After 146 days on the picket lines, the Writers Guild of America has reached a tentative agreement in principle with the Alliance of Motion Picture and Television Producers on a new labor contract, potentially ending one of the two strikes that has shut down Hollywood through the summer.
“What we have won in this contract — most particularly, everything we have gained since May 2 — is due to the willingness of this membership to exercise its power, to demonstrate its solidarity, to walk side-by-side, to endure the pain and uncertainty of the past 146 days,” the WGA said in a memo to members announcing the deal. “It is the leverage generated by your strike, in concert with the extraordinary support of our union siblings, that finally brought the companies back to the table to make a deal.”
As the agreement is in principle, the WGA says that the negotiating committee is still currently putting the final touches on contract language with the AMPTP before it is presented to the WGA West board and WGA East Council for approval. That board vote is tentatively scheduled for Tuesday, assuming that the contract language is completed by then.
“Though we are eager to share the details of what has been achieved with you, we cannot do that until the last ‘i’ is dotted. To do so would complicate our ability to finish the job. So, as you have been patient with us before, we ask you to be patient again — one last time,” the guild’s memo read.
In the meantime, all WGA picket lines will be suspended, though writers are still officially on strike until authorized to return to work by the guild. In its memo, WGA encouraged members those who are able to join SAG-AFTRA’s strike picket lines in solidarity.
The tentative deal came after talks resumed between the guild and AMPTP on Wednesday, a restart that was preceded by nearly a month of stalled negotiations and finger-pointing between the two sides as to who should make the next counterproposal. AMPTP’s first counterproposal sent to the guild on Aug. 11 was described by the guild in a memo to members as “not nothing, nor nearly enough.”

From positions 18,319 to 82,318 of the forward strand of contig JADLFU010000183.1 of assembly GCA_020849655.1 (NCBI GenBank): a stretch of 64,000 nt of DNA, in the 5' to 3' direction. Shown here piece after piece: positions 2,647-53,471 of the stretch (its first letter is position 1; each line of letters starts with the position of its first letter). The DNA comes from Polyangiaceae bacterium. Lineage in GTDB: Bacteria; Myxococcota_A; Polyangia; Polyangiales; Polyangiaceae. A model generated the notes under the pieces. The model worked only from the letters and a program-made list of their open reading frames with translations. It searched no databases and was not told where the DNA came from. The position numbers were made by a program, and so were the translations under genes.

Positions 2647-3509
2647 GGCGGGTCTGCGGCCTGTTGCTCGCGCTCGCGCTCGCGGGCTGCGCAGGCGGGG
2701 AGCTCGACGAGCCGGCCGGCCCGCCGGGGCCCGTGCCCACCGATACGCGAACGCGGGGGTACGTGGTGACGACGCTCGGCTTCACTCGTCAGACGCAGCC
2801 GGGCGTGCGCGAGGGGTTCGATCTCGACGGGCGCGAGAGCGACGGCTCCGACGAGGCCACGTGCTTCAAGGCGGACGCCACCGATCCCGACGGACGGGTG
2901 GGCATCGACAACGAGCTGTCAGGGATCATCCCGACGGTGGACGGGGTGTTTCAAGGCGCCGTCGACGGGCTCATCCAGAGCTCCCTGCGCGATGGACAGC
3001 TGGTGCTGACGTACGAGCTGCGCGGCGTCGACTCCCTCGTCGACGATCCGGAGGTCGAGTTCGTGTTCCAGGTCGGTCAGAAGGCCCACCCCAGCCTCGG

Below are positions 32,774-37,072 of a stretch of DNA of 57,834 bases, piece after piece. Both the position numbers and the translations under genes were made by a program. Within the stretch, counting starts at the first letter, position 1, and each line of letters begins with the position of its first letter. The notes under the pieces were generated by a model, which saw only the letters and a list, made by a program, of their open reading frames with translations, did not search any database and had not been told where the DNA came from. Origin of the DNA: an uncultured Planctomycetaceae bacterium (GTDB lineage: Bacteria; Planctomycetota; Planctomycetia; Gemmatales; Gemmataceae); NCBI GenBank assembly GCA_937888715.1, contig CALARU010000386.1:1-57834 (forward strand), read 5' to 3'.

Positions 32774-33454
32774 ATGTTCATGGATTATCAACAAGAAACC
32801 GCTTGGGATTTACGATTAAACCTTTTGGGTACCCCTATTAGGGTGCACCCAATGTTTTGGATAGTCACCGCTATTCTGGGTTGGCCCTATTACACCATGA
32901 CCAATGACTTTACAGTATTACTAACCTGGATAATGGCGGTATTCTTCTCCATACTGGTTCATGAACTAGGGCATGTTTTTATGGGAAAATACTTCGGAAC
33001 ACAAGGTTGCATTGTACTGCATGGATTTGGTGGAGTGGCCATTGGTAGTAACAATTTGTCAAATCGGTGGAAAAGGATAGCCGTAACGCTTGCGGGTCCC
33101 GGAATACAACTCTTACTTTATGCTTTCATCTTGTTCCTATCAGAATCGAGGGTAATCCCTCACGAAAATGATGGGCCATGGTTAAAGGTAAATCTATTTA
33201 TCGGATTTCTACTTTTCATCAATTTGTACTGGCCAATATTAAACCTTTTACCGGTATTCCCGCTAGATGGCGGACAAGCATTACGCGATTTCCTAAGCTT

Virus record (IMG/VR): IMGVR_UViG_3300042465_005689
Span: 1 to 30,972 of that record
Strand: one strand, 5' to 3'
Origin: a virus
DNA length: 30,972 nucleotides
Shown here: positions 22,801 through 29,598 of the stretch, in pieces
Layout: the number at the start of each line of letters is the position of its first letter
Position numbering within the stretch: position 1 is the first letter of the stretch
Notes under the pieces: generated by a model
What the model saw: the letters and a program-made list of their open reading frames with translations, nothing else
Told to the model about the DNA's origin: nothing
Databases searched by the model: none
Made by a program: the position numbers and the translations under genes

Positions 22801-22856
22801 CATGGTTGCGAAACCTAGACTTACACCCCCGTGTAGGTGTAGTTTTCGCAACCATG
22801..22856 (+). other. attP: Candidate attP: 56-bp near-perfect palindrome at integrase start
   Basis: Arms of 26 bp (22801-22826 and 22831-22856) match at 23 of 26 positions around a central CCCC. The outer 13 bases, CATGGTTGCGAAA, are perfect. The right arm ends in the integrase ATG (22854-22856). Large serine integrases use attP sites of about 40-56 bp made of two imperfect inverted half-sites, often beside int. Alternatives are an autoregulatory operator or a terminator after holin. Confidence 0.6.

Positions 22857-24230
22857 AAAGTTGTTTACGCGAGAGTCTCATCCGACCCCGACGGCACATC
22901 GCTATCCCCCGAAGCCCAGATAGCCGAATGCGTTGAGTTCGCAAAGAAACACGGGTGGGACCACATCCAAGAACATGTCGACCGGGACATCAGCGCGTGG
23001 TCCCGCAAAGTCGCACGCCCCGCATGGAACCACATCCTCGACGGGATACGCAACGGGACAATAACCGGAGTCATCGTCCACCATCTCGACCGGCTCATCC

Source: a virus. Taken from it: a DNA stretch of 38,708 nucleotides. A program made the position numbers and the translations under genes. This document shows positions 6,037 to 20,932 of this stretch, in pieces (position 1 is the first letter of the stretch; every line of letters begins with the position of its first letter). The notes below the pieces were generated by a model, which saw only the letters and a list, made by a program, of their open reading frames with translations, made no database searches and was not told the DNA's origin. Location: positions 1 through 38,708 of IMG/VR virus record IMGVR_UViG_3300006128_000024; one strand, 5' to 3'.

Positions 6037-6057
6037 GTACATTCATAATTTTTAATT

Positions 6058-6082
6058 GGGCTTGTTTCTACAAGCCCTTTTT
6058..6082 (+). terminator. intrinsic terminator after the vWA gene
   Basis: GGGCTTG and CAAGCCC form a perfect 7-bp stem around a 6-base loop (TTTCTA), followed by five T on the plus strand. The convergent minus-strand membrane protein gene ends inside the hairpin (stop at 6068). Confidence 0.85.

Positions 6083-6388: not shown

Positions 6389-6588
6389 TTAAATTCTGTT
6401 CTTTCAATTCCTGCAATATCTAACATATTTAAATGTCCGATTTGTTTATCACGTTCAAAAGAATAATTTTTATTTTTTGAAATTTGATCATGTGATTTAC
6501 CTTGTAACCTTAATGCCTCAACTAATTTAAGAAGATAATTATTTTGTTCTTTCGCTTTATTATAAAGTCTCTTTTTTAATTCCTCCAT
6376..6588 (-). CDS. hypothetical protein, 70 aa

But escalating financial pressure on the studios from months of production shutdowns along with urging from showrunners concerned about the financial insecurity of their writers and crew members brought the two sides back to the table for several days of talks that led to this deal, which the guild says contains “meaningful gains and protections for writers in every sector of the membership.”
Four studio CEOs — Disney’s Bob Iger, NBCUniversal’s Donna Langley, Netflix’s Ted Sarandos and Warner Bros. Discovery’s David Zaslav — were present throughout the first three days of negotiations at the AMPTP’s Sherman Oaks headquarters.
With several key sticking points resolved during the week, including staffing requirements and further compensation for writers whose films and shows perform well on streaming, the talks continued through the weekend without the CEOs present, with lawyers on both sides negotiating the fine print details of the contract.
With the WGA deal now in place, the AMPTP’s attention will turn to SAG-AFTRA, which has been on strike since July 14. Studio insiders have told TheWrap that they expect negotiations with the actors guild to happen quickly, as studios are anxious to get productions up and running again and for actors to be once again available for awards and marketing campaigns.
In its own statement, SAG-AFTRA congratulated the Writers Guild for its deal and its “incredible strength, resiliency and solidarity on the picket lines.”
“While we look forward to reviewing the WGA and AMPTP’s tentative agreement, we remain committed to achieving the necessary terms for our members. Since the day the WGA strike began, SAG-AFTRA members have stood alongside the writers on the picket lines. We remain on strike in our TV/Theatrical contract and continue to urge the studio and streamer CEOs and the AMPTP to return to the table and make the fair deal that our members deserve and demand,” the actors’ guild wrote.